The Medical Association of the State of Alabama on Thursday called on the federal government to speed up COVID-19 booster shots to health care workers in Gulf Coast states, which have been inundated with cases, hospitalizations and deaths.
Dr. Aruna Arora, President of the Medical Association, and other Alabama health care leaders were to meet with White House Vaccination Coordinator Dr. Bechara Choucair on Thursday to discuss increasing vaccine confidence, according to a press release from the association.
U.S. health officials announced yesterday plans to offer booster shots to all eligible people eight months after their second vaccine shots.
“Much of our health care workforce received their second vaccine dose in January. We are asking the federal government to reconsider its plan and give Gulf Coast states those booster shots now rather than needlessly wait,” Arora said in a statement. “These hard-hit states are most at risk for medical care staffing shortages, which we are already beginning to see. Waiting unnecessarily simply puts all patients at greater risk, whether they have COVID or not. Patients cannot afford to lose our health care workforce during this time of greatest need when even normal illnesses that cause medical staff to miss work will contribute to staff shortages.”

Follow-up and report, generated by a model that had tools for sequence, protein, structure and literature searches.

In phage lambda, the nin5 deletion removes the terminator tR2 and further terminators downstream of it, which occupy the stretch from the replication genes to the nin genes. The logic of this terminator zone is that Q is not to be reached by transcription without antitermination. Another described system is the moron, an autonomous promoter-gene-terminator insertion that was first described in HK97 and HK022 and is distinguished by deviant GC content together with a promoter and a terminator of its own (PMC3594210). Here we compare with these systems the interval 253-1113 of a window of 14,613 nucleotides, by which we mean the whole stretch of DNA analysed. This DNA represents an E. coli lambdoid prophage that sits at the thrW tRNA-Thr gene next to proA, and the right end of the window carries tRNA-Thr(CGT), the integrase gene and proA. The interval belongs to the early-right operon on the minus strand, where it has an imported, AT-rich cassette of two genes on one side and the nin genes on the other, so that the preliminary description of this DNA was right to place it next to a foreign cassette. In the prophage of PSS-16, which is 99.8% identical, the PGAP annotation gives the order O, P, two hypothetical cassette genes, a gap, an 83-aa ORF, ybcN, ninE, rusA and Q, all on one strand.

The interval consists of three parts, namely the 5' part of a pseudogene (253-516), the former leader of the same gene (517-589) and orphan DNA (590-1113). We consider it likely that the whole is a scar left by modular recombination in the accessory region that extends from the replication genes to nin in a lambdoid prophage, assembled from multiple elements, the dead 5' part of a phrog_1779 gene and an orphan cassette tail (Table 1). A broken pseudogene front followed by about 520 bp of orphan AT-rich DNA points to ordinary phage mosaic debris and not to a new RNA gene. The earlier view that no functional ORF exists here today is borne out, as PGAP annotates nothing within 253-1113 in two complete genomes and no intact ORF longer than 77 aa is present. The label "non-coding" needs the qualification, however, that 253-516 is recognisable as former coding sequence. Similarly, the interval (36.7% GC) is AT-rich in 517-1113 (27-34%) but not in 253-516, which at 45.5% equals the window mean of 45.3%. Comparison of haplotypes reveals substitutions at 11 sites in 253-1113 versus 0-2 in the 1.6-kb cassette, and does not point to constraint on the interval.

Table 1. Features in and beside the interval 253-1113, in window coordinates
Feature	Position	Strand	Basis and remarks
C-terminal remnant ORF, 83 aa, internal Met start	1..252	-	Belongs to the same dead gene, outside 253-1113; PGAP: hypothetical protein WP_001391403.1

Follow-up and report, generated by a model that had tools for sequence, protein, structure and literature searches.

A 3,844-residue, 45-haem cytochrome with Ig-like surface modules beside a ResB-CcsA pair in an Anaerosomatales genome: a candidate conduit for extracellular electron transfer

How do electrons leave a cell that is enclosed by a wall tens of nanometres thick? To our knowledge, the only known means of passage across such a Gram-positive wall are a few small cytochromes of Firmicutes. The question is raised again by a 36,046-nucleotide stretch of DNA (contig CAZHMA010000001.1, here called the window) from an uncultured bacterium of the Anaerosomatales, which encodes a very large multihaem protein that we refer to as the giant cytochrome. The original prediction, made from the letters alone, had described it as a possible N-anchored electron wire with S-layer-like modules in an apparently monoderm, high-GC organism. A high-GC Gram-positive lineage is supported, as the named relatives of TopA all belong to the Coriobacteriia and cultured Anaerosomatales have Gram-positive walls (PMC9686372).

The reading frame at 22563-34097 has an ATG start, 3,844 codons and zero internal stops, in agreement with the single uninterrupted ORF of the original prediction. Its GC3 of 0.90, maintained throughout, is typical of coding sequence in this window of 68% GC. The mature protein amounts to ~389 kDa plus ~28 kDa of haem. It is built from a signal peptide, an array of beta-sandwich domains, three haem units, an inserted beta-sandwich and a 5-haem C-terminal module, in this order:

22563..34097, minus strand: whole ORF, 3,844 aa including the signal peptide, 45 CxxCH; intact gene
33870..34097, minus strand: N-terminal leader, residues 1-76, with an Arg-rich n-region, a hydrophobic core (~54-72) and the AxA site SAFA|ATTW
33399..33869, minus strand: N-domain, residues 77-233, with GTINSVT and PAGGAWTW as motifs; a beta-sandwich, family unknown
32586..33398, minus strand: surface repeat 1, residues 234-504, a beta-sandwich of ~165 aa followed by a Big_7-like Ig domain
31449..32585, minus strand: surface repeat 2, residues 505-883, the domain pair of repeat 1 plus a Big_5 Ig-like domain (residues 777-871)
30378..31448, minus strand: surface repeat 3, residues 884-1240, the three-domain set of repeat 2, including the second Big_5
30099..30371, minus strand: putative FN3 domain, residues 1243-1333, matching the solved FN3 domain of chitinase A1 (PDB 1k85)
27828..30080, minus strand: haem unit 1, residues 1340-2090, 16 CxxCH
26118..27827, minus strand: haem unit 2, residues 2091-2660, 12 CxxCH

Alabama on Wednesday had 29 more patients in need of ICU beds than the state had beds. Hospitals have been taken space in other areas to create ICU beds, but the emergency practice has limitations, largely around limited staffing to operate those growing beds.
Mobile has seen surging COVID-19 cases and hospitalizations, and deaths, which are a lagging indicator of the spread of the virus, have begun to increase as well.
Dr. Rendi Murphree with the Mobile County Health Department said during a Tuesday briefing that a county funeral home called the health department on Monday “concerned that they had 17 decedents on site that they were working on, with five more on the way.”
“We are talking again about getting refrigerated trailers and making sure we have enough bags to store decedents appropriately, but this is stacking up our entire healthcare system,” Murphree said.